The trendy restaurants and bars that have popped up along Seventh Street in downtown Los Angeles have been drawing crowds of hipsters and young professionals.
So what’s preventing this strip from turning into the Third Street Promenade of downtown, a destination for Angelenos and tourists alike? Not enough retail, downtown boosters complain.
Looking to capitalize on the phenomenal success of eateries such as Bottega Louie — a 10,000-square-foot Italian eatery at Seventh and Grand Avenue – business leaders are trying to lure stores that could complete the rebirth of the nearly one-mile stretch of Seventh from Figueroa to Main streets into a thriving corridor filled with shopping and dining businesses – and crowds spending money.
The Downtown Center Business Improvement District, a coalition of 1,200 area property owners, has begun recruiting distinctive retailers in hopes of getting clothing and shoe stores, booksellers and gift shops to open along Seventh. And they’re not just targeting national chains.
“If we try to emulate what you can find on the Westside or the Valley, then there is no reason for people to come downtown,” said Carol Schatz, president and chief executive of the Downtown Center BID. “But there is a reason for people to come downtown for unusual and eclectic kind of retail, iconic and eclectic retail that you can’t find in another neighborhood.”
Business and property owners in the area generally support the improvement district’s efforts. Some downtowners, though, think the process will occur organically.
“I think the catalyst will be more successful restaurants creating more synergy and more of a compelling reason to come down to Seventh Street and party,” said Mark Tarczynski, a broker with CB Richard Ellis Inc. who specializes in the downtown market. “And all of a sudden retailers will say, ‘There’s life down there.’”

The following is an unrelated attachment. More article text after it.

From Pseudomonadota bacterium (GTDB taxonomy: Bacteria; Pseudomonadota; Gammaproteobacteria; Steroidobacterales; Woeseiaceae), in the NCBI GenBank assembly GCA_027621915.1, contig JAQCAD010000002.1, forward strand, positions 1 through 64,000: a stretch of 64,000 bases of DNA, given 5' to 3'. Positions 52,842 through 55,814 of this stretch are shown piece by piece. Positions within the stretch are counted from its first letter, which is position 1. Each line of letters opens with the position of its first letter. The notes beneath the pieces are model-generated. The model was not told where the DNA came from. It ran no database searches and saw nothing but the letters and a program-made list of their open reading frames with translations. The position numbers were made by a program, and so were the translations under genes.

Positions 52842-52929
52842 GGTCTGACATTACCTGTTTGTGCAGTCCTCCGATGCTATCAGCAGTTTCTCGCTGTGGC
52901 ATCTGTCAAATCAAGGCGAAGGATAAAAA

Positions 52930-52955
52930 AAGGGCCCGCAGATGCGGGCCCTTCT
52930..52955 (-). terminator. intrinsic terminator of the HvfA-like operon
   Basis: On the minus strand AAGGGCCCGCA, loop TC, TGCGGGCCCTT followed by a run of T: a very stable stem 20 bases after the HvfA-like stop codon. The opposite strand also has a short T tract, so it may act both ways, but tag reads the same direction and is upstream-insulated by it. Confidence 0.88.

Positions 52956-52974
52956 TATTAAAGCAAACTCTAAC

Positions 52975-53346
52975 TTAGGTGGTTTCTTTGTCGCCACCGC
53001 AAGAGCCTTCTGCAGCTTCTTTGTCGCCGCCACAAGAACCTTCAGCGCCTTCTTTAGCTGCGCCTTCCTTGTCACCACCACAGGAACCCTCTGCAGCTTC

Schatz recognizes that landlords looking for tenants aren’t going to wait forever, and that property owners might want to sign up a fast-food place rather than continue losing money on vacant storefronts.
“We are trying to educate our property owners that perhaps there is a better use, and we help to recruit it,” she said. “But all we can do is suggest. Ultimately it’s a property owner’s right, and they are going to do whatever they are going do.”
Ups and downs
Major department stores such as Broadway, Robinson Co. and Bullock’s once lined Seventh, but closed over the years as the neighborhood declined. In the past few years, Seventh from Figueroa east to Olive Street has turned into a “restaurant row” with eateries such as the high-profile sushi spot Sugarfish, which launched earlier this month. But the blocks between Olive and Main — which include a portion of the Jewelry District — became grittier and are dotted with establishments such as a check-cashing shops and discount retailer Big Lots. (Average rental rates along Seventh range from $4 a square foot a month near Figueroa and drop by 50 percent to $2 a square foot east toward Main.)
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